Our final three units, all intended for high-school students, shift the emphasis from explaining the past to predicting the future. Jeremy Landa begins his with two quotes from Thomas Jefferson showing that this Founding Father – like most of his contemporaries – believed that "all men are created equal" but that some races are inferior to others. The contradiction runs throughout American history: at no point in the 20th century did it become more obvious, however, than during the 1960s, a decade dominated by peaceful civil rights protests and violent urban rioting.

Jeremy will try to explain why by focusing on two riots: one that happened, in 1967, in his home city of Detroit, and one that did not happen – but could have – in 1970 in New Haven, where he teaches. He sets up a comparison between these situations to let his students determine why their outcomes differed. In doing so, he relies on what chaos theory – a set of principles drawn from mathematics, physics, and meteorology – suggests about "butterfly effects": how small differences at the beginning of sequences can produce big differences in their results.

Having introduced this concept, Jeremy will leave it to his students to decide whether urban riots – or, for that matter, any other historical events – are predictable. Their answer will be less important than their having asked the question, for the task of distinguishing between predictable and unpredictable systems is a major preoccupation of modern scientific research. Jeremy's unit links that problem to urban sociology while focusing on histories that happened in settings with which his students can readily identify.

James Brochin's curriculum unit also focuses on violence and predictability. He will present his high-school students with brief biographies of five "domestic terrorists," drawn from 19th- and 20th-century American history, all of whom appear to have killed for causes – but without any clear sense of what was supposed to happen as a result of what they did. Their lives raise disturbing questions. Is it ever justifiable for an individual – outside of law enforcement or the military – to kill for a cause? If the cause can't be articulated, does it really exist? If it does, what distinguishes such killing from random violence, which is to say, mass murder?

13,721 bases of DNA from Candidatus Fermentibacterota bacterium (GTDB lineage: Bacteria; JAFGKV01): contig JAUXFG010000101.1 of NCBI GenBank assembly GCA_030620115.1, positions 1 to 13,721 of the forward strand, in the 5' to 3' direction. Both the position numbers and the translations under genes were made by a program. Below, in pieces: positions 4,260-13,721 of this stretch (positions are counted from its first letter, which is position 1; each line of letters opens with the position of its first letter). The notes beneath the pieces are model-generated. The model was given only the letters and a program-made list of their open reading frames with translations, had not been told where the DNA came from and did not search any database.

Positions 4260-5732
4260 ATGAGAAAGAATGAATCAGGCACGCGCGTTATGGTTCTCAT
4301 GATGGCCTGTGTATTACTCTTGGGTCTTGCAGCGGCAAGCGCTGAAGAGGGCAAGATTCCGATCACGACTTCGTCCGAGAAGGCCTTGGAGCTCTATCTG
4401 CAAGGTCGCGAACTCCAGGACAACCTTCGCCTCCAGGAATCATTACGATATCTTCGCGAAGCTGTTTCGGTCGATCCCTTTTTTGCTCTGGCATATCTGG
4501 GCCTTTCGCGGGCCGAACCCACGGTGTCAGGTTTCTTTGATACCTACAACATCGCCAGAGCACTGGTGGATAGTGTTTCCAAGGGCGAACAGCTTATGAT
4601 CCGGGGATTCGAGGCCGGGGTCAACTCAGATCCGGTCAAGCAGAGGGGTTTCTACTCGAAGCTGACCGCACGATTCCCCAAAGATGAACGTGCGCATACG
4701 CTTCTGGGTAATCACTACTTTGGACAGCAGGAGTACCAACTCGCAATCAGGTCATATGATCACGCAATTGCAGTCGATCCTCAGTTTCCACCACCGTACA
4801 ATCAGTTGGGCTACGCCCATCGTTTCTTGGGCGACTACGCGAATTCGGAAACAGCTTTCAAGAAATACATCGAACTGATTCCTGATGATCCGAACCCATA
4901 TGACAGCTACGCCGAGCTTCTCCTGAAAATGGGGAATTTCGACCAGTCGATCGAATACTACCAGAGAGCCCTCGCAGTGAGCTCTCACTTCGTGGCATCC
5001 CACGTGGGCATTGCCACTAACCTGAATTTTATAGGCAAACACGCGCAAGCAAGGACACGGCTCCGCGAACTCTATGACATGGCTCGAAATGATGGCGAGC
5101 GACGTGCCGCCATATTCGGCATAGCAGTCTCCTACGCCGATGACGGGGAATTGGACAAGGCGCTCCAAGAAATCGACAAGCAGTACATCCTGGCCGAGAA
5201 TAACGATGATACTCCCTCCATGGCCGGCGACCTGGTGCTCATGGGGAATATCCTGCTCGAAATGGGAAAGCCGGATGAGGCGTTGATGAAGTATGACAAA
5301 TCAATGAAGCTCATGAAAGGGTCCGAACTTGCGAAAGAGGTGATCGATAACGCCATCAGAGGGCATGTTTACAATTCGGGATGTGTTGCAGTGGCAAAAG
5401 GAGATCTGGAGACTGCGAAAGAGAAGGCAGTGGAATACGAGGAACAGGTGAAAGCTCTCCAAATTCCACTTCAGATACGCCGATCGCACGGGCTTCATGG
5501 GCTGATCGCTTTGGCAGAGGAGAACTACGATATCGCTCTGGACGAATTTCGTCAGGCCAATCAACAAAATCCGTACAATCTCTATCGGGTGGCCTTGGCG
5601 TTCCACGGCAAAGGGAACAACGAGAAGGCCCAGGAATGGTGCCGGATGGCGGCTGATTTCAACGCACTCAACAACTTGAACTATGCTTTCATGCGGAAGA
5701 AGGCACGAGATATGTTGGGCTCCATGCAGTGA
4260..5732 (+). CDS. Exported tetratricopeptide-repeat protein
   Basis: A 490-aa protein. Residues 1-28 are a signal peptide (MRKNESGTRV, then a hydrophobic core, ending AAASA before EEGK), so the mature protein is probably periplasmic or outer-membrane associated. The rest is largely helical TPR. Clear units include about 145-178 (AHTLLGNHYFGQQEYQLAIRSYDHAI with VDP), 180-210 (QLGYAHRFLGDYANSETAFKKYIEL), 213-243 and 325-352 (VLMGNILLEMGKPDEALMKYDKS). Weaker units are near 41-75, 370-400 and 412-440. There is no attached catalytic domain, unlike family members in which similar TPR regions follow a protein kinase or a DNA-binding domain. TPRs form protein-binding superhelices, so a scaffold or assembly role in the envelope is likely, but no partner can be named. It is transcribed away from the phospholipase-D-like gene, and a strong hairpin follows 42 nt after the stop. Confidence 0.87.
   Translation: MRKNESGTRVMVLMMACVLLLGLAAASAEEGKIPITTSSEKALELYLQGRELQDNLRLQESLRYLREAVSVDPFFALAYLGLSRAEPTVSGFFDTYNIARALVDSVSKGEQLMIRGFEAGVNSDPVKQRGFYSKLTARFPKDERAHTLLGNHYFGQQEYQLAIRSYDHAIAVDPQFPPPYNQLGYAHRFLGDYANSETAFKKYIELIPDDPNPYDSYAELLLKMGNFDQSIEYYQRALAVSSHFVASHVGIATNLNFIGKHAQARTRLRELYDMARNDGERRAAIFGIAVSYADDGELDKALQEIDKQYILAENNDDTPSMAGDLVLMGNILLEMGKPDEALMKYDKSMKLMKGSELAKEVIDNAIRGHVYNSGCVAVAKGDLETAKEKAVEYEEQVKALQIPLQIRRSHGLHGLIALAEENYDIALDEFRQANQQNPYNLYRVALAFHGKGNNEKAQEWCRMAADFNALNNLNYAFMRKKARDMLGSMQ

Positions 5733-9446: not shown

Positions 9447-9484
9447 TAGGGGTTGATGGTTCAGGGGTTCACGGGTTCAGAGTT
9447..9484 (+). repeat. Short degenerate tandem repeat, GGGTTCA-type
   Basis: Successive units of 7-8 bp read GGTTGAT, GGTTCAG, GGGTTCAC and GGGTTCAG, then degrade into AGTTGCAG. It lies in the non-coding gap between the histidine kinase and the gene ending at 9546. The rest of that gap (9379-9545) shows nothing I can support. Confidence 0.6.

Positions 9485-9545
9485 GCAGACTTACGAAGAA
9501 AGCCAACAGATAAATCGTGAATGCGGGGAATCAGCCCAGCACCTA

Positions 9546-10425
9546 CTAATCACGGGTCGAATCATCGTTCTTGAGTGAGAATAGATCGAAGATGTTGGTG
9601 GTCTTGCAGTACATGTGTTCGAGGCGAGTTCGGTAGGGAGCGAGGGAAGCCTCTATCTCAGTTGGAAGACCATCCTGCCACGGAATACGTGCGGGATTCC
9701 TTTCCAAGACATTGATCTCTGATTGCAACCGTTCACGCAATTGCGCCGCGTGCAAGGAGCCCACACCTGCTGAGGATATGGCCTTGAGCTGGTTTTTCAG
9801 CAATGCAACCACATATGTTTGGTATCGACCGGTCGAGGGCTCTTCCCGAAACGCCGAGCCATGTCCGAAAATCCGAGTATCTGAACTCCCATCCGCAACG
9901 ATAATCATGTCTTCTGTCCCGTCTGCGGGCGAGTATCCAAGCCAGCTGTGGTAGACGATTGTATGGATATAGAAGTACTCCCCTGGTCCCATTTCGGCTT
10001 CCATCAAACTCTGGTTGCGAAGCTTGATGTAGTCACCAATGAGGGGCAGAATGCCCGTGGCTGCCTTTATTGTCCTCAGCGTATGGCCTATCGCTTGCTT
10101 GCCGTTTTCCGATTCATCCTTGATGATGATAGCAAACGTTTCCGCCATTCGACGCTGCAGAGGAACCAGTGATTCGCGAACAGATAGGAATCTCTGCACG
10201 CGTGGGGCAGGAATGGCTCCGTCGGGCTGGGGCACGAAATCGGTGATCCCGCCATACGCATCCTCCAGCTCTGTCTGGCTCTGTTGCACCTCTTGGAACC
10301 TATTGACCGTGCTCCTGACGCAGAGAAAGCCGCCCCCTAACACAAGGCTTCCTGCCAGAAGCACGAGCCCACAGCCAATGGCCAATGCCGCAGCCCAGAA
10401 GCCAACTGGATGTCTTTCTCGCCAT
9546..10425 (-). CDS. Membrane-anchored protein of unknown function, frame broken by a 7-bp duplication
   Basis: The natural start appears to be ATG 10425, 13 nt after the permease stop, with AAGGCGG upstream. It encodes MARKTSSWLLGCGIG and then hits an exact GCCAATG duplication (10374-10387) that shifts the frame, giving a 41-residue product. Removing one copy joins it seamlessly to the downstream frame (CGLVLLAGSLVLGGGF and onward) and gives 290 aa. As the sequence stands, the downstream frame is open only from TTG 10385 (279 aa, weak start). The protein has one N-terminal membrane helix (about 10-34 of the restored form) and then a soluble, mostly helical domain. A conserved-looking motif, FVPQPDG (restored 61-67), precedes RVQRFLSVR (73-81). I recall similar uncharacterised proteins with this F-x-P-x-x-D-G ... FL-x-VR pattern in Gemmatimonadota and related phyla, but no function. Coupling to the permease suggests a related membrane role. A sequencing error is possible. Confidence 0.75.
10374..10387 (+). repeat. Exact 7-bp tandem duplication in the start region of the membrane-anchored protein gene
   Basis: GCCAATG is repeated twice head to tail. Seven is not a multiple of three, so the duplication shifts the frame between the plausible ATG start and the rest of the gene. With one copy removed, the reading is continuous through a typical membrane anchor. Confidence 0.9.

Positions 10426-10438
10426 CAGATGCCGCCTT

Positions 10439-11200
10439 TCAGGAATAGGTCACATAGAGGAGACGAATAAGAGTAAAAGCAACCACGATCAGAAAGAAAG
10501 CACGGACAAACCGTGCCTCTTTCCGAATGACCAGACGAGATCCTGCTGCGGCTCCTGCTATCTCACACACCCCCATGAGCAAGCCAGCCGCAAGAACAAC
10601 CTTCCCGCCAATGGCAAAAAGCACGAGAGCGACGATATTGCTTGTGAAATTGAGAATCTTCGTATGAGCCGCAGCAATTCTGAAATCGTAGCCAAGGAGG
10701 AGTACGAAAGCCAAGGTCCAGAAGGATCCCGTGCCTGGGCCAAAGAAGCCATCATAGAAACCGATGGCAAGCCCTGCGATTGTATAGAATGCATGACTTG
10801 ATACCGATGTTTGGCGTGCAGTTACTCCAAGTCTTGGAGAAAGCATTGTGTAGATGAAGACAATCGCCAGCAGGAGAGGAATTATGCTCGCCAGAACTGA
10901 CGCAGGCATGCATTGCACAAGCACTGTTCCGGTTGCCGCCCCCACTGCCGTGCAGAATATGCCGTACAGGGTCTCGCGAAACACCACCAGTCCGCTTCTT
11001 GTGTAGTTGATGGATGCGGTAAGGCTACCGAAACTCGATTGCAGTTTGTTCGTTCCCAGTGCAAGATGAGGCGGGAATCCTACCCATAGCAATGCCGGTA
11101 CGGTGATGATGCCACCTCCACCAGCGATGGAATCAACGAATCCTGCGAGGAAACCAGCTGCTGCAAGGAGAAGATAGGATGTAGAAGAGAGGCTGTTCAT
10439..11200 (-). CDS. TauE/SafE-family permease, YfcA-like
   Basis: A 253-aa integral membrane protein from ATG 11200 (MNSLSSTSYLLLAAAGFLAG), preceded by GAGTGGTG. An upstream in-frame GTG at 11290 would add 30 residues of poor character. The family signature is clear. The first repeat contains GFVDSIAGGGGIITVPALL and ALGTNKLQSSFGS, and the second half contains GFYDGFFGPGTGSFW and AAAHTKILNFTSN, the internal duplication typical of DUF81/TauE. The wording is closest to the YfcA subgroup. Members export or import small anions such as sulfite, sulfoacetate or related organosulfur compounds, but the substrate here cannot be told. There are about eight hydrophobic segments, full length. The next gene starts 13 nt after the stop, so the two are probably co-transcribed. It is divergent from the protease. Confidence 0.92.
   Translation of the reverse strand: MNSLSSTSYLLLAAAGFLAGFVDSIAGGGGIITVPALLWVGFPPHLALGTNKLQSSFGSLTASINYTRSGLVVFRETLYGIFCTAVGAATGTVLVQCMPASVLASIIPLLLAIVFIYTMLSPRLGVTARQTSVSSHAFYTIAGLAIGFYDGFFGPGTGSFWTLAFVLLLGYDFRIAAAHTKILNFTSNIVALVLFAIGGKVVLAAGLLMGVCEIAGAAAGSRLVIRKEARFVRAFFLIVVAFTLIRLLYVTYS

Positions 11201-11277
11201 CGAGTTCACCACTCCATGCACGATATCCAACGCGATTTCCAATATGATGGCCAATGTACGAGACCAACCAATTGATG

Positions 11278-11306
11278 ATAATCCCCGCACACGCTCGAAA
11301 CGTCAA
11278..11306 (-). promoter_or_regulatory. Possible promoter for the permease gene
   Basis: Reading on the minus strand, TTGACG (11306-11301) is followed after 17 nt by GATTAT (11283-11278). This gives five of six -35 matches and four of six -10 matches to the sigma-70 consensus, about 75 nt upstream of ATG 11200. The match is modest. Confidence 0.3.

Domestic terrorism is very much with us, as this year's attacks in Arizona and Norway make abundantly clear. Predicting such horrors may be impossible, but that should not preclude a search for commonalities – even if none, in the end, are found. That's the premise of the cases Jim will present to his students. In this unit too, the value lies in the inquiry – in the careful comparison of apparently dissimilar individuals who seem to share only the claim to have advanced a cause. Once again the procedure is comparison across time and space, with the scale this time being the interior of disturbed minds.

Charlene Woodland's unit, "Solving Environmental Problems," focuses on another form of violence, that inflicted upon the environment by its own inhabitants. Drawing on Garrett Hardin's classic 1968 essay "The Tragedy of the Commons," she reminds her students that human "progress" has weakened the self-regulating mechanisms that, throughout most of history, stabilized ecologies. Now the sheer pace and complexity of life is outstripping the earth's capacity to sustain it – but how do you get this idea across to technologically adept, consumer-oriented high-school students, who are themselves part of the problem?

Charlene's answer is dramatization. She will take several seemingly small situations – whether to replace a wooden boardwalk with cement or plastic slats, evidence that fireworks pollute reservoirs, the possibility of making a highway safer by destroying part of a nature preserve, whether people should give up using plastic bags because sea turtles confuse them with the jellyfish they like to eat – and have her students read, perhaps perform, the dialogues she has written reflecting conflicting viewpoints in each case.

From these, she will show the larger environmental issues at stake, as well as contrast political, economic, and ecological philosophies for resolving them. Once again, this unit will make comparisons across scale: by starting with specific cases her students can relate to, Charlene will expand their awareness outward. Their own curiosity, in effect, will instruct them.

That's what my seminar Fellows and I hope will happen with all of these curriculum units: they share a commitment to making teaching an interactive process. I'm grateful to have had the opportunity to work with – and learn from – these experienced teachers, and to the Yale-New Haven Teachers Institute for having provided it. I look forward to seeing how these ideas work, both in their teaching, and in my own.

John Lewis Gaddis